Leadership lessons life-long for Warrant Officer

This article has photo gallery Published on LEUT Will Singer (author), ABIS James McDougall (photographer)

Topic(s): Recruitment, HMAS Toowoomba (F156), HMAS Perth (F157), HMAS Sydney (F03)

Warrant Officer Combat Systems Manager Artie Lavender in the classroom with his Combat Systems Operator trainees at the School of Maritime Warfare, HMAS Stirling, Western Australia. (photo: ABIS James McDougall)
Warrant Officer Combat Systems Manager Artie Lavender in the classroom with his Combat Systems Operator trainees at the School of Maritime Warfare, HMAS Stirling, Western Australia.

‘You’ll be wet, homesick and frightened but the pride of the fleet will be you’ – was a recruitment advertisement at the local cinema which lured a 17-year-old Townsville school boy to join the Navy.

Reflecting on his Navy career, Warrant Officer Combat Systems Manager Artie Lavender, a recent recipient of the Medal of the Order of Australia, shared his ‘lessons learnt’ for Navy’s budding leaders.

“Leadership is about understanding the capabilities and limitations of your sailors, knowing what they can do, and more importantly, what they can’t do,” Warrant Officer Lavender said.

“One characteristic that every leader should possess is accessibility.

“I expect my leaders to be visible to the troops as nothing separates the leader from their sailors more than a closed door.

“I learnt from my early days as a Leading Seaman that if you look after your sailors, they’ll look after you.

“My subordinates know that hard work and dedication leads to more responsibility and more freedom and more,” he said.

The Deputy Officer-in-Charge at the School of Maritime Warfare – West confessed that knowing and trusting sailors coupled with ‘leading by example’ were essential traits for first-time leaders.

“Leaders need to understand that all knowledge and skills are perishable,” he said.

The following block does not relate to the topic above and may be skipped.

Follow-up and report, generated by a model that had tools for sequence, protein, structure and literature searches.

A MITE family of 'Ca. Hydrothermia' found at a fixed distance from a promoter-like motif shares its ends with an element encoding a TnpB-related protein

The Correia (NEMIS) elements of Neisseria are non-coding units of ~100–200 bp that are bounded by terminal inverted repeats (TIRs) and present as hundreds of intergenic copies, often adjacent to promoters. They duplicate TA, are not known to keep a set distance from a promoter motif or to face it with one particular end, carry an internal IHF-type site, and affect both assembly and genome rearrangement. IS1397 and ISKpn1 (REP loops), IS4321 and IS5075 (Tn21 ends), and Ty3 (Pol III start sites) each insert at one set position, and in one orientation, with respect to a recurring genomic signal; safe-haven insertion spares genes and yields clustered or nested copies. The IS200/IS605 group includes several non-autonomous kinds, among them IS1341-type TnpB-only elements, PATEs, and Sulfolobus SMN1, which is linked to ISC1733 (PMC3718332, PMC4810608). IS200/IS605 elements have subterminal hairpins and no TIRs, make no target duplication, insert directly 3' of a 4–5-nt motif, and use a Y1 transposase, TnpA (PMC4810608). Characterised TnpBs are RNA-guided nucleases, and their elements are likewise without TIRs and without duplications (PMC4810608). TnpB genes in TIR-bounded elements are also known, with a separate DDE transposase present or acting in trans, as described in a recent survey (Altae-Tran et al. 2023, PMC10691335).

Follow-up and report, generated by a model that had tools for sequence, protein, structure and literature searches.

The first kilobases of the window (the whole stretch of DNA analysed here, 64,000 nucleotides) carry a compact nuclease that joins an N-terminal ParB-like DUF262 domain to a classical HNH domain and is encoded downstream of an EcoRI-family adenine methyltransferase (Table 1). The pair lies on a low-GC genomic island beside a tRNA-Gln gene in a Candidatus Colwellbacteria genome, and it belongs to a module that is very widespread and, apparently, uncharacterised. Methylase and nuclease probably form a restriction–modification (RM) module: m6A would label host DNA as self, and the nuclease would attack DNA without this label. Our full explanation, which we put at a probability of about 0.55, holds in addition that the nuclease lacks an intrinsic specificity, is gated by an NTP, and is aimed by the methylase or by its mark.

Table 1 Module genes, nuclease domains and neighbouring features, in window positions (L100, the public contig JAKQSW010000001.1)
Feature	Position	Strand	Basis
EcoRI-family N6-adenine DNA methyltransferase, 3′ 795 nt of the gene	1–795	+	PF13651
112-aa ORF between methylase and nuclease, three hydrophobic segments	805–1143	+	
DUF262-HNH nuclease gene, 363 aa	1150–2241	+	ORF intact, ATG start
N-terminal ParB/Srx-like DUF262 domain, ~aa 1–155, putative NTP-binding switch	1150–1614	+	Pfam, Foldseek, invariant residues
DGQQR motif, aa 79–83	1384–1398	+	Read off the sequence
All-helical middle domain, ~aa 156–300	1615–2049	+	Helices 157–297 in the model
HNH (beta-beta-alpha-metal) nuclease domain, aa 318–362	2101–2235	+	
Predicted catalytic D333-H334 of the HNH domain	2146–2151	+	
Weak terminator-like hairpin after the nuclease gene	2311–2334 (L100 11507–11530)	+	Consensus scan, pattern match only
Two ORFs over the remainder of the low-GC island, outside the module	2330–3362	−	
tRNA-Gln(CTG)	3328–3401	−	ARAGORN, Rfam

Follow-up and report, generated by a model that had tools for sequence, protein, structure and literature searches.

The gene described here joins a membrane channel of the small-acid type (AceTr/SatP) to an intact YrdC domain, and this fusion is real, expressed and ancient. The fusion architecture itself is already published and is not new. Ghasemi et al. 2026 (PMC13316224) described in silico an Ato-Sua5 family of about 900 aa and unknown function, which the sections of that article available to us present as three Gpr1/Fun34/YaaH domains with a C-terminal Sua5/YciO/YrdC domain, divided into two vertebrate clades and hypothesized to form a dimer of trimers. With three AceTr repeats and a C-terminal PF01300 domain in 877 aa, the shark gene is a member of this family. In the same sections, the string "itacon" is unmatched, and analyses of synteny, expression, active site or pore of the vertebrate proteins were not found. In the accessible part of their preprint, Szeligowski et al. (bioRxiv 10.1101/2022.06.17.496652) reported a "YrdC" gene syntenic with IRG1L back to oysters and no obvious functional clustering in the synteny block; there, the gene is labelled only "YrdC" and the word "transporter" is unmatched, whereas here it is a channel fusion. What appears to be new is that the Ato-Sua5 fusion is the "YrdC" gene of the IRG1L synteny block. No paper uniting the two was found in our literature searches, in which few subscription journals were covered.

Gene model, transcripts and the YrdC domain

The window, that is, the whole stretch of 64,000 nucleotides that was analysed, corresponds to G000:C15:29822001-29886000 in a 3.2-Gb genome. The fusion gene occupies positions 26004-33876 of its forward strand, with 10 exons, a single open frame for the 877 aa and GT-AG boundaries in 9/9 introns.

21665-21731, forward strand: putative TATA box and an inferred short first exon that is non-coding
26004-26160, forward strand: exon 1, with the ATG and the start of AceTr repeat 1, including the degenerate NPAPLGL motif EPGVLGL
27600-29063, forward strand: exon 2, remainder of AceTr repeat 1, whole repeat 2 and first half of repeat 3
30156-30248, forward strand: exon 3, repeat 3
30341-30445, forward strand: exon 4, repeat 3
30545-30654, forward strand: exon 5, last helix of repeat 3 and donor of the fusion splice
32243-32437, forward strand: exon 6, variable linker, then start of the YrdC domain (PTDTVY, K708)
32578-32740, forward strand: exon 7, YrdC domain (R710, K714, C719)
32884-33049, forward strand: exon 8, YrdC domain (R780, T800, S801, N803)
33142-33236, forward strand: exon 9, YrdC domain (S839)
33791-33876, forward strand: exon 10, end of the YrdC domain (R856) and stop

“If you know your sailors are lacking knowledge in a certain function or area, implement a training regime that enables you to fill that knowledge gap for them.”

Warrant Officer Lavender discovered over the years that loyalty and trust are by-products of each other.

“Trust your sailors and they’ll trust you and will demonstrate loyalty,” he said.

“Set the example, don’t be the example - should apply in everything we do as leaders.”

The rugby die-hard said that leadership was easily demonstrated by attending physical training with sailors.

When the going gets tough, he said he managed to face adversity by falling back to his training.

“When I joined the Navy, our ships would conduct a gruelling evaluation on completion of work-up,” he said.

“You need to know everything you possibly can about your job, know why you are doing your job and master your craft so that you become the owner of it.

“If you understand what you are trying to achieve, it allows you to put the tough times into perspective.

“In warfare, knowing what you need to achieve and knowing how you can use your tools to achieve that goal leads to free flowing seamless warfare.”

Warrant Officer Lavender said that it was great that Navy was returning to speaking about warfare across all contexts.

“We all know that lethality is distributed by our capability and our capability is driven by our war fighters,” Warrant Officer Lavender said.

“War fighters can only be as good as the training they receive and must train to fight, train to succeed and train to win - there is no other option.

“To maintain the sharpness at the tip of the spear, we have to keep in the forefront of our thoughts that prevention is better than the cure.”

The career sailor ranks bringing HMAS Perth out of anti-ship missile defence upgrade as the most enjoyable and rewarding assignment in his career.

“Using the system to engage up to ten aircraft simultaneously, to engaging five-inch rounds that were fired at us from HMAS Toowoomba and then finishing up with a trip to Hawaii in-company with HMAS Sydney to track remote control targets was amazing,” he said.

“The things we did and the goals we achieved in such a short period of time will last with me forever.”

There have been many mentors that have influenced and guided his career - from Principal Warfare Officers through to Commanding Officers.

“I have learnt a lot from Lieutenant Commander Dylan White, the Officer-in-Charge of Maritime Warfare,” he said.

“His energetic demeanour; enthusiastic approach to warfare and more importantly the way he encourages ideas on how to do things better are infectious.”